I have had the opportunity to work with leaders from very different backgrounds, cultures and professions. Whether I work with a client one-on-one or facilitating a workshop, I have learned to take the time to ask simple questions. Before charging ahead into the unknown territory of “what can be,” it is critical to understand “what is.”
I have come to appreciate the value of establishing a shared foundation of knowledge, understanding and terminology. “What do you do?” “What does a normal work day look like for you?” “Who do you talk to on a regular basis, and who comes to talk to you?” “What do they ask for?” And, perhaps the most effective question – “and then?”
These are questions that ask for specific and objective information, meant to allow for minimum bias or judgment. Slowly but surely we arrive at a shared understanding of what leadership is, what it represents, how it functions, how it is effective and where the potential may lay.
This type of informal assessment can be supplemented with information from a formal leadership assessment, which provides additional insight on leadership strengths, preferences and development areas.
This assessment phase of any coaching or development process is critical. We are sketching a map of the surrounding landscape, and building rapport and understanding along the way. The resulting map is used to plot a destination we agree upon and the road we’ll have to travel to get there.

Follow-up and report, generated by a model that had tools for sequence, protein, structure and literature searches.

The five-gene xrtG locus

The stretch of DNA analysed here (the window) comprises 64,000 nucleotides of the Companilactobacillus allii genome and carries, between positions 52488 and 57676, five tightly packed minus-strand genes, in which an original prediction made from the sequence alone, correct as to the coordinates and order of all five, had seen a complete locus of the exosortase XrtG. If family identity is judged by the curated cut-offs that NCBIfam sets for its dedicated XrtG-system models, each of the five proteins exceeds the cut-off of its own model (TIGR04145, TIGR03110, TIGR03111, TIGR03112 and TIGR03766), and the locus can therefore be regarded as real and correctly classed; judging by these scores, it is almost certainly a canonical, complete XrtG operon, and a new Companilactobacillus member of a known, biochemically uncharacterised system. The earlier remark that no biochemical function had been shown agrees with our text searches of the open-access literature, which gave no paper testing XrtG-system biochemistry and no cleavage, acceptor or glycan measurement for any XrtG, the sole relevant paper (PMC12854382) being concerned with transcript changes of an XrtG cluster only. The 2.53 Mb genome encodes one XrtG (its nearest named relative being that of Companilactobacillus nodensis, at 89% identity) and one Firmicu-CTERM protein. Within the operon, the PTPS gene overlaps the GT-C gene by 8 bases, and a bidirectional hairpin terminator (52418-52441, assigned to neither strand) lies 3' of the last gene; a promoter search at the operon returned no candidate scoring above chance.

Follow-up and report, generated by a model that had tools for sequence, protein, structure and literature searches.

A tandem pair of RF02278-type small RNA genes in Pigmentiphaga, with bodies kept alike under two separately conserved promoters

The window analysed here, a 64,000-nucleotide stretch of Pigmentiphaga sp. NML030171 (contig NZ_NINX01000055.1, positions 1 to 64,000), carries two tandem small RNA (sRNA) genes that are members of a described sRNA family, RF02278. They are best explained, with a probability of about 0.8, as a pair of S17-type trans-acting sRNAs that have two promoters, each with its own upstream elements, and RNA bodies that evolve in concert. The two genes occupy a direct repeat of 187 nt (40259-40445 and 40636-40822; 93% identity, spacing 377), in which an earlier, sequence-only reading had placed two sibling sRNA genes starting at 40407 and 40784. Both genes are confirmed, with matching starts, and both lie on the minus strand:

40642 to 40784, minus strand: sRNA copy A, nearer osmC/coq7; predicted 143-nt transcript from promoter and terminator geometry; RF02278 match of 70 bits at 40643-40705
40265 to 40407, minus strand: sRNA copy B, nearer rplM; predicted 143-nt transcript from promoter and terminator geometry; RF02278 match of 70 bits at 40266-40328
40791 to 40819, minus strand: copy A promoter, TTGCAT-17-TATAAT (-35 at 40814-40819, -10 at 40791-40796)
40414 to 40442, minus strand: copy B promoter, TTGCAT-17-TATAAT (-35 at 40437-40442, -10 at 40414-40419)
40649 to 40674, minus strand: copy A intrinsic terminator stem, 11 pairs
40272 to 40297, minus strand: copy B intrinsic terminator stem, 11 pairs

Whys is this so important?
Imagine yourself left in a forest, without a map or compass. Which direction would you travel? Without a map of the terrain, does it matter which direction you go? How will you know if you are making headway, without knowing where you are in relation to your destination? How would you determine what your goal or destination should be?
And, if you were responsible for a group of people who trusted and depended on you, how would you make the right decisions and be able to convey them with credibility and confidence?
Peter Drucker famously stated that “management is doing things right; leadership is doing the right things.” Doing the right thing, traveling in the right direction, requires requires a good map. It requires knowing “what is” so that you can determine the proper “to be.”
Strong leaders are often celebrated for their accomplishments, for what they are or were able to accomplish or achieve. It’s therefore natural for leaders to focus significant time and energy on determining how to reach organizational goals related to budget, growth, development, and sustainability. In the absence of a good map, this journey can be arduous and a heavy burden to carry.
Do you have a map? How do you define your leadership?
The truth is that no one can define your leadership. Nobody but you.